Departments and specialties

Mayo Clinic has one of the largest and most experienced practices in the United States, with campuses in Arizona, Florida and Minnesota. Staff skilled in dozens of specialties work together to ensure quality care and successful recovery.

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Displaying 1-3 out of 3 doctors available

  1. Michael J. Ackerman, M.D., Ph.D.

    Michael J. Ackerman, M.D., Ph.D.

    1. Pediatric Cardiologist
    1. Rochester, Minnesota
    Areas of focus:

    Genetic testing, Brugada syndrome, Catecholaminergic polymorphic ventricular tachycardia , Drowning, Hypertrophic cardiomyopathy, Long QT syndrome, Sudden infant death syndrome more

    see full list in profile
  2. Matthew J. Ferber, Ph.D.

    Matthew J. Ferber, Ph.D.

    1. Medical Geneticist
    1. Rochester, Minnesota
    Areas of focus:

    Genetic testing, Wilson's disease more

    see full list in profile
  3. Lisa A. Schimmenti, M.D.

    Lisa A. Schimmenti, M.D.

    1. Medical Geneticist
    2. Pediatrician
    1. Rochester, Minnesota
    Areas of focus:

    Genetic testing, Newborn screening, Eye problem, Retinitis pigmentosa more

    see full list in profile

Research

Mayo Clinic's Center for Individualized Medicine provides personalized medicine that includes studying genes to define each person's unique disease susceptibility, identify preventive measures and enable targeted therapies to promote wellness.

Mayo Clinic continues its strong commitment to genetics and genomics research through numerous research projects. These are just a few examples:

  • The Colon Cancer Family Registry at Mayo Clinic is part of an international consortium dedicated to furthering an understanding of the risk factors for colorectal cancer.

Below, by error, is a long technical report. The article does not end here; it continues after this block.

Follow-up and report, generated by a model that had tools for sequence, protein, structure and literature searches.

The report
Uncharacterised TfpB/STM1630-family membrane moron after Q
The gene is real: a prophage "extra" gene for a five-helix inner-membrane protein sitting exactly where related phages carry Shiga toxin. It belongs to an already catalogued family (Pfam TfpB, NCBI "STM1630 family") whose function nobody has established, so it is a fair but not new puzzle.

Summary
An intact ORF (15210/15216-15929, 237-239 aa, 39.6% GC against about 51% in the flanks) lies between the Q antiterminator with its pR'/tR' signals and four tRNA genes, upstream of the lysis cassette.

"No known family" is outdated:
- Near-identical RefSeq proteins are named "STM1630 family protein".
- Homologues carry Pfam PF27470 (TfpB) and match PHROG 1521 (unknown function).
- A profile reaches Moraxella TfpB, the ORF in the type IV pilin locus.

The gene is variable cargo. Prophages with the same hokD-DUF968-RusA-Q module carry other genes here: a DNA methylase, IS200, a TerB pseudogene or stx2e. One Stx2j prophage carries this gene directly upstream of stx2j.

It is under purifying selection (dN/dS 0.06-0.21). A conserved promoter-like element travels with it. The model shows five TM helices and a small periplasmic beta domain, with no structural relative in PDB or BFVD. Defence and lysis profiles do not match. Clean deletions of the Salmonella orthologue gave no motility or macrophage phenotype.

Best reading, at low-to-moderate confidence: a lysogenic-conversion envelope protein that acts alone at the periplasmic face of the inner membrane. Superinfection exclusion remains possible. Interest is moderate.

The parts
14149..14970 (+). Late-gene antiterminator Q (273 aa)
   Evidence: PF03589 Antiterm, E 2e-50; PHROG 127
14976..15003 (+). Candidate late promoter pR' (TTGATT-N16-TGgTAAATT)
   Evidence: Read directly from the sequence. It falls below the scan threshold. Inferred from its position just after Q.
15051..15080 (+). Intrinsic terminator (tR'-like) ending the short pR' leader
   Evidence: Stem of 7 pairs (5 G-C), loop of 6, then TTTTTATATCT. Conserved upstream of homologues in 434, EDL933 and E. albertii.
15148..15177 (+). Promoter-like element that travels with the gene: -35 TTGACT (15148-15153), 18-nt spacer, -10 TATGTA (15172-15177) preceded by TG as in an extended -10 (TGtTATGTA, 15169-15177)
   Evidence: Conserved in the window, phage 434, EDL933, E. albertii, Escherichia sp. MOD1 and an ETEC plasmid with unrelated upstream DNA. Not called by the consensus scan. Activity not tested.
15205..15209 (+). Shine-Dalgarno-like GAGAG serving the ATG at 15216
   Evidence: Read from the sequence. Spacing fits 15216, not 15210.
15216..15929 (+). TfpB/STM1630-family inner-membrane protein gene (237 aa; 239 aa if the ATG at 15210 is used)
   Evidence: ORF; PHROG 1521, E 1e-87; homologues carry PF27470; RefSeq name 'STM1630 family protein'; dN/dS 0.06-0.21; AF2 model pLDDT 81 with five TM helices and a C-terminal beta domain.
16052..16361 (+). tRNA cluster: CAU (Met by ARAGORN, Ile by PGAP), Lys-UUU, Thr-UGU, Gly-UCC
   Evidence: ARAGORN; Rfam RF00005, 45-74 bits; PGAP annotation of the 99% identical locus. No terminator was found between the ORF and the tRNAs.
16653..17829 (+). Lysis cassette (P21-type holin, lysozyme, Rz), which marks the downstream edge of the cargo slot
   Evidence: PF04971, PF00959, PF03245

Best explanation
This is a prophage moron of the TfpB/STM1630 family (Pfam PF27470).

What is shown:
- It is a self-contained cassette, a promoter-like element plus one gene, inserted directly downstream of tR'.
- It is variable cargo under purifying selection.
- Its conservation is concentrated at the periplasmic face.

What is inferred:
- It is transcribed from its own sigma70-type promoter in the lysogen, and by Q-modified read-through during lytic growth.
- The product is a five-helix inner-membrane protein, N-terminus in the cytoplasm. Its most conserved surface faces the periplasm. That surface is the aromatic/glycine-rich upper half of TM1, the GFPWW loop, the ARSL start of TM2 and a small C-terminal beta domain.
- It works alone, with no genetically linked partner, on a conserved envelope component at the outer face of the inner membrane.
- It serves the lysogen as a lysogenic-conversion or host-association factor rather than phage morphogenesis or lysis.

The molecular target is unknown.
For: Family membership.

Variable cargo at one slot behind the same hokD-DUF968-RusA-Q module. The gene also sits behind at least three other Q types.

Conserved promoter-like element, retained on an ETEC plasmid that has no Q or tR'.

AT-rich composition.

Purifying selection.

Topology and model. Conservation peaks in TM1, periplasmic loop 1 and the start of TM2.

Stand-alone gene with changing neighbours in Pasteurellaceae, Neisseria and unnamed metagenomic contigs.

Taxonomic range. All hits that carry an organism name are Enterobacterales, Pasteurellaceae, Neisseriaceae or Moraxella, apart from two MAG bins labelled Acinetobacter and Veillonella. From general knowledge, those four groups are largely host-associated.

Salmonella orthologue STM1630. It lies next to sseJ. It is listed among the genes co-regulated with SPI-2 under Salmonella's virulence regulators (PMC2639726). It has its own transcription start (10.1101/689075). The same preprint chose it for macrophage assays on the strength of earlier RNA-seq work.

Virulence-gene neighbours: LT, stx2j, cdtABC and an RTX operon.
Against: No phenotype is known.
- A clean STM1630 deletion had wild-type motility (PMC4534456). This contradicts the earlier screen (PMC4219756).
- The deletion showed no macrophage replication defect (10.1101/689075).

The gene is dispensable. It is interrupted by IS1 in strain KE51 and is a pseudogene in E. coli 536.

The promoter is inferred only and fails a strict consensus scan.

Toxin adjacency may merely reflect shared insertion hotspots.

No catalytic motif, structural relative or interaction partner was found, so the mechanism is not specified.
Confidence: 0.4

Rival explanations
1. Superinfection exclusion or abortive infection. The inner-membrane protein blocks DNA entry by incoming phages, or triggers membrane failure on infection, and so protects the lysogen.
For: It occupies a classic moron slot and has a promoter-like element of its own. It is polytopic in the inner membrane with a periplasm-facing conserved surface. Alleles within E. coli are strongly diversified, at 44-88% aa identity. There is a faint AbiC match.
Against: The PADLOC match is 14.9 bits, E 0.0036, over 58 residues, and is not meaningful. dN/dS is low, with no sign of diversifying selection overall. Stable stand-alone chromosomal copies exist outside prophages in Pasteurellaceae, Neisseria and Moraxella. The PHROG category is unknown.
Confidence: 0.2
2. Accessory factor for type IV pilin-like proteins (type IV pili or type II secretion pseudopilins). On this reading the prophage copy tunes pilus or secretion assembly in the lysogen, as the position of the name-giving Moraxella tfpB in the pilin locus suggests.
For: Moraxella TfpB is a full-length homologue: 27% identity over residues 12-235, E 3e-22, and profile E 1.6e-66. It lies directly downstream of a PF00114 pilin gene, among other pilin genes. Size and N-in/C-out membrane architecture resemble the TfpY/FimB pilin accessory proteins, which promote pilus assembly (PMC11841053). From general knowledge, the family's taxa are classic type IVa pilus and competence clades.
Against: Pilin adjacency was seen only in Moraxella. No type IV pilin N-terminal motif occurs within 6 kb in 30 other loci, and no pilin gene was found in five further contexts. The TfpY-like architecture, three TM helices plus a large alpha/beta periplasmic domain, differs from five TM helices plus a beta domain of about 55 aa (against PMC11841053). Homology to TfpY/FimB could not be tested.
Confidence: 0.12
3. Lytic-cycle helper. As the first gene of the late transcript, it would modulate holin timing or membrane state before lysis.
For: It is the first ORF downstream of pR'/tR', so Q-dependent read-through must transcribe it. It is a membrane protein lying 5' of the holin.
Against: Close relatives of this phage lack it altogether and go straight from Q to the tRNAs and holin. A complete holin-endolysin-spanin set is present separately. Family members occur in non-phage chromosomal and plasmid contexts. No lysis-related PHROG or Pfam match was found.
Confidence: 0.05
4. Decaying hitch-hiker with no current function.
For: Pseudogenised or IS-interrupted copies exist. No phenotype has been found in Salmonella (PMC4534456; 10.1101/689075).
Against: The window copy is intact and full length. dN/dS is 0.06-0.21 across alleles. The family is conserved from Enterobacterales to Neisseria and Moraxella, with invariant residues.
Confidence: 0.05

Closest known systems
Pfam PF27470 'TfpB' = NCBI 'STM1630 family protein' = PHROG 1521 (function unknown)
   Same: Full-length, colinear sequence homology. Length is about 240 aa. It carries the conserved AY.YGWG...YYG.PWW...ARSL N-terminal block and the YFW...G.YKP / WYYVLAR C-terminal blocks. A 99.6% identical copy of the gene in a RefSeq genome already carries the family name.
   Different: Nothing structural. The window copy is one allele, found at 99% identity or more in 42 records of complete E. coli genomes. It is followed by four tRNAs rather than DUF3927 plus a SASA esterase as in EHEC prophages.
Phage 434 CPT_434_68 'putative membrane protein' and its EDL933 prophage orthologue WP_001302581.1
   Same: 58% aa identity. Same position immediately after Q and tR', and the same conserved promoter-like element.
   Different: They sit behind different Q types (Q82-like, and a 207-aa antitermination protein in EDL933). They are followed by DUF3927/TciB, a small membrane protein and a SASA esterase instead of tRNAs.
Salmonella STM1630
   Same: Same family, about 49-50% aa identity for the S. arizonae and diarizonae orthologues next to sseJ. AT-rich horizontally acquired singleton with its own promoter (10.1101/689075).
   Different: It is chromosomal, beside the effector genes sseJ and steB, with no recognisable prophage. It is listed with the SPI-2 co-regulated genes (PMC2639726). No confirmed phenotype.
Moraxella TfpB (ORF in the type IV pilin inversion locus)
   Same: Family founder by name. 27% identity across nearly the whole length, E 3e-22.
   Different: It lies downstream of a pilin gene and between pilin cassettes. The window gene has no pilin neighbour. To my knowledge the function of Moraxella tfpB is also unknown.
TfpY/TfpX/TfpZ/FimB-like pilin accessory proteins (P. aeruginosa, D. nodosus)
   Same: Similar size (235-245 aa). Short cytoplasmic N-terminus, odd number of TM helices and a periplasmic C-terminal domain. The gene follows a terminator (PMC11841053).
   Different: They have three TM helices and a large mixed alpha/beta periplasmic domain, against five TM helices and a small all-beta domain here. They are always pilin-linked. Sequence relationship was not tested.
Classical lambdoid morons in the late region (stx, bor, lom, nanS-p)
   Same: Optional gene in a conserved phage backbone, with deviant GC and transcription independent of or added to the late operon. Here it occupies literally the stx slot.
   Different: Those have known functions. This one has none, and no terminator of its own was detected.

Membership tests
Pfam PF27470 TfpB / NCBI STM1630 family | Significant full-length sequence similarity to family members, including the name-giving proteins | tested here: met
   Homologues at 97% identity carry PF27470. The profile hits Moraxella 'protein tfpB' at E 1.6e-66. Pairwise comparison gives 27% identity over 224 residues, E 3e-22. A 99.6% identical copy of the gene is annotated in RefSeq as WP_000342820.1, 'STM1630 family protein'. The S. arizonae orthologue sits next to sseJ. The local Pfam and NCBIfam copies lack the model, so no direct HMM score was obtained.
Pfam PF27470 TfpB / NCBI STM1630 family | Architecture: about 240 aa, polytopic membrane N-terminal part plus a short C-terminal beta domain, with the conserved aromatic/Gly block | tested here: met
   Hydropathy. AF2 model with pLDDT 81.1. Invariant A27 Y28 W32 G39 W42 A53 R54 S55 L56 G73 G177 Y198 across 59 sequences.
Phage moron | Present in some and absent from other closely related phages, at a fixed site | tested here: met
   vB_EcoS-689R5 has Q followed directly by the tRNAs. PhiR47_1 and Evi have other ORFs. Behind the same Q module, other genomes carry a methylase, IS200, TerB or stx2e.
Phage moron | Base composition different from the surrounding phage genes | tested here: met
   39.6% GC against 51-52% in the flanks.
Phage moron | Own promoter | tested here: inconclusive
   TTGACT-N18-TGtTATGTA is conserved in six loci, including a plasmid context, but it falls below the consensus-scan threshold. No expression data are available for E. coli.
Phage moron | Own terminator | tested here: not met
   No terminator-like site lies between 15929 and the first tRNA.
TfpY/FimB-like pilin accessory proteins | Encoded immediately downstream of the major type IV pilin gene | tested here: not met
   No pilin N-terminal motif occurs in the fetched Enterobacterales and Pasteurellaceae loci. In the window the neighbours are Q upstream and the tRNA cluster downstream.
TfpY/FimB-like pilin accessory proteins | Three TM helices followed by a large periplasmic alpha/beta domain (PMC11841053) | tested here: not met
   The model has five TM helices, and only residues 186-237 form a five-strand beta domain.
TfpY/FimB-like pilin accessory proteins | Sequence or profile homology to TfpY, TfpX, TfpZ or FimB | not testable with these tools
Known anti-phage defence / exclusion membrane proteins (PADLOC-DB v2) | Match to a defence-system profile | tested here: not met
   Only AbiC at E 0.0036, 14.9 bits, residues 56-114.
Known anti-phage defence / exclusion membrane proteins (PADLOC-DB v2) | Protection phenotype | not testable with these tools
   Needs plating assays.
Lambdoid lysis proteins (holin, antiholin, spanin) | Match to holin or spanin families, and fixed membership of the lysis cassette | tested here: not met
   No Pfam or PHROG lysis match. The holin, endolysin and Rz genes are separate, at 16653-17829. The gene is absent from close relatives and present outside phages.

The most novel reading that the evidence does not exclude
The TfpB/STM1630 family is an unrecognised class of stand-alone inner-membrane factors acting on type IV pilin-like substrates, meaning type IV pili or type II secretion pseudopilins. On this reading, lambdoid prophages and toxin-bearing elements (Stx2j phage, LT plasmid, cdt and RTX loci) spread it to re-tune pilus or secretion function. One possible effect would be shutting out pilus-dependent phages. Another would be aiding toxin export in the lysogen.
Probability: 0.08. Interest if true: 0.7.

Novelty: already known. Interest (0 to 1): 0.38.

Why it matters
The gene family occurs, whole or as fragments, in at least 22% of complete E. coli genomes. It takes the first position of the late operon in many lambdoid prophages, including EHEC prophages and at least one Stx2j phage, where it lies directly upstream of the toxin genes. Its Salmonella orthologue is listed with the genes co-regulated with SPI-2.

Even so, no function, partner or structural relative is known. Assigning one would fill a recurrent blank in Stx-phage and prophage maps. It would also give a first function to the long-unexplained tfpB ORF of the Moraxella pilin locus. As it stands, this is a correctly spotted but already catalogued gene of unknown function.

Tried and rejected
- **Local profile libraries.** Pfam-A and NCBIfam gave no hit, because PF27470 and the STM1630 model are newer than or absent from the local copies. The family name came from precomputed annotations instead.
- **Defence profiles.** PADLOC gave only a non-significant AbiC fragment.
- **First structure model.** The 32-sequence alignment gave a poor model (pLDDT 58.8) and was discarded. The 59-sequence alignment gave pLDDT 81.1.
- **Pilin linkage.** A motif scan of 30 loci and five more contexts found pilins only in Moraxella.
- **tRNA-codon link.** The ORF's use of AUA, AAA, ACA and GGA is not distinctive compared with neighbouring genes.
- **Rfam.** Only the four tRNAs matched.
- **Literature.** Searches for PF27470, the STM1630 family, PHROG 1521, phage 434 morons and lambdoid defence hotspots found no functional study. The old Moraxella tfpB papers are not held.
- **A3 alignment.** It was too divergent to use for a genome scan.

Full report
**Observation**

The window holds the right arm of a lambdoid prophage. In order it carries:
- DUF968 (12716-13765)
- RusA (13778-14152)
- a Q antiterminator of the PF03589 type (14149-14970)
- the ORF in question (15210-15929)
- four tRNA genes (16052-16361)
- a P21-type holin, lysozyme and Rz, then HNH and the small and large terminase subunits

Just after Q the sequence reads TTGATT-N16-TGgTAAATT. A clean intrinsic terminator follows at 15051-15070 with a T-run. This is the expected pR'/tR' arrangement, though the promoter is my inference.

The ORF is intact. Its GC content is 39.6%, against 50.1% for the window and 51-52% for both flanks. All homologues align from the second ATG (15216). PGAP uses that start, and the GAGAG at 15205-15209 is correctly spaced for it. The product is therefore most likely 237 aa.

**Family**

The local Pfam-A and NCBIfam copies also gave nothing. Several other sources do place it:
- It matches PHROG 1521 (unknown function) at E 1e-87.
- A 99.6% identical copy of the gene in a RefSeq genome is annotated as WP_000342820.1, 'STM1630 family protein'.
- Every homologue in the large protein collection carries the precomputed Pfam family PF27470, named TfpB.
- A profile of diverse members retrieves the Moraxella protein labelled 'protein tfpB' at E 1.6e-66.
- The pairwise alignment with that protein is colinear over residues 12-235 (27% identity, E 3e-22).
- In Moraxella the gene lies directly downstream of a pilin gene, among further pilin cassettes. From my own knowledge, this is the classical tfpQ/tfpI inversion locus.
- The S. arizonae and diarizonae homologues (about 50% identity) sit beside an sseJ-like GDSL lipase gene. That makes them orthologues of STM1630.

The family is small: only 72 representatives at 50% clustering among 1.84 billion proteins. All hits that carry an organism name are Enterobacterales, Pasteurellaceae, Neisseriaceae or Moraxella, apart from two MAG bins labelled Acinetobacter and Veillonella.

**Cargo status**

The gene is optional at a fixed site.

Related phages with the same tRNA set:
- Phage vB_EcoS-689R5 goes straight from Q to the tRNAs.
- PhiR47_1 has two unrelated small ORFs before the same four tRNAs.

• The Mayo Clinic Biobank collects donated blood samples that are available for studies aimed at a better understanding of how a person's genes influence overall health and wellness.
  • Mayo's Mitochondrial Disease Biobank collects samples from patients with mitochondrial disorders to learn more about these diseases.

Publications

See a list of publications by Mayo Clinic authors on genetic testing on PubMed, a service of the National Library of Medicine.

Genetic testing care at Mayo Clinic

Jan. 06, 2018
References
  1. National Library of Medicine. Help me understand genetics. Genetics Home Reference. https://ghr.nlm.nih.gov/primer. Accessed Feb. 13, 2017.
  2. Frequently asked questions about genetic testing. National Human Genome Research Institute. https://www.genome.gov/19516567/faq-about-genetic-testing/. Accessed Feb. 13, 2017.
  3. Genetic testing for hereditary cancer syndromes. National Cancer Institute. https://www.cancer.gov/about-cancer/causes-prevention/genetics/genetic-testing-fact-sheet. Accessed Feb. 13, 2017.
  4. Raby BA, et al. Genetic testing. http://www.uptodate.com/home. Accessed Feb. 13, 2017.
  5. Grody WW, et al. ACMG position statement on prenatal/preconception expanded carrier screening. Genetics in Medicine. 2013;15:482.
  6. Genetic testing. American Medical Association. https://www.ama-assn.org/content/genetic-testing. Accessed Feb. 13, 2017.
  7. Frequently asked questions. Prenatal genetic diagnostic tests. FAQ164. Pregnancy. American College of Obstetricians and Gynecologists. https://www.acog.org/-/media/For-Patients/faq164.pdf?dmc=1&ts=20161216T1208042192. Accessed Feb. 13, 2017.
  8. Breast cancer risk factors you cannot change. American Cancer Society. https://www.cancer.org/cancer/breast-cancer/risk-and-prevention/breast-cancer-risk-factors-you-cannot-change.html. Accessed Feb. 21, 2017.
  9. Atwal PS (expert opinion). Mayo Clinic, Jacksonville, Fla. Feb. 24, 2017.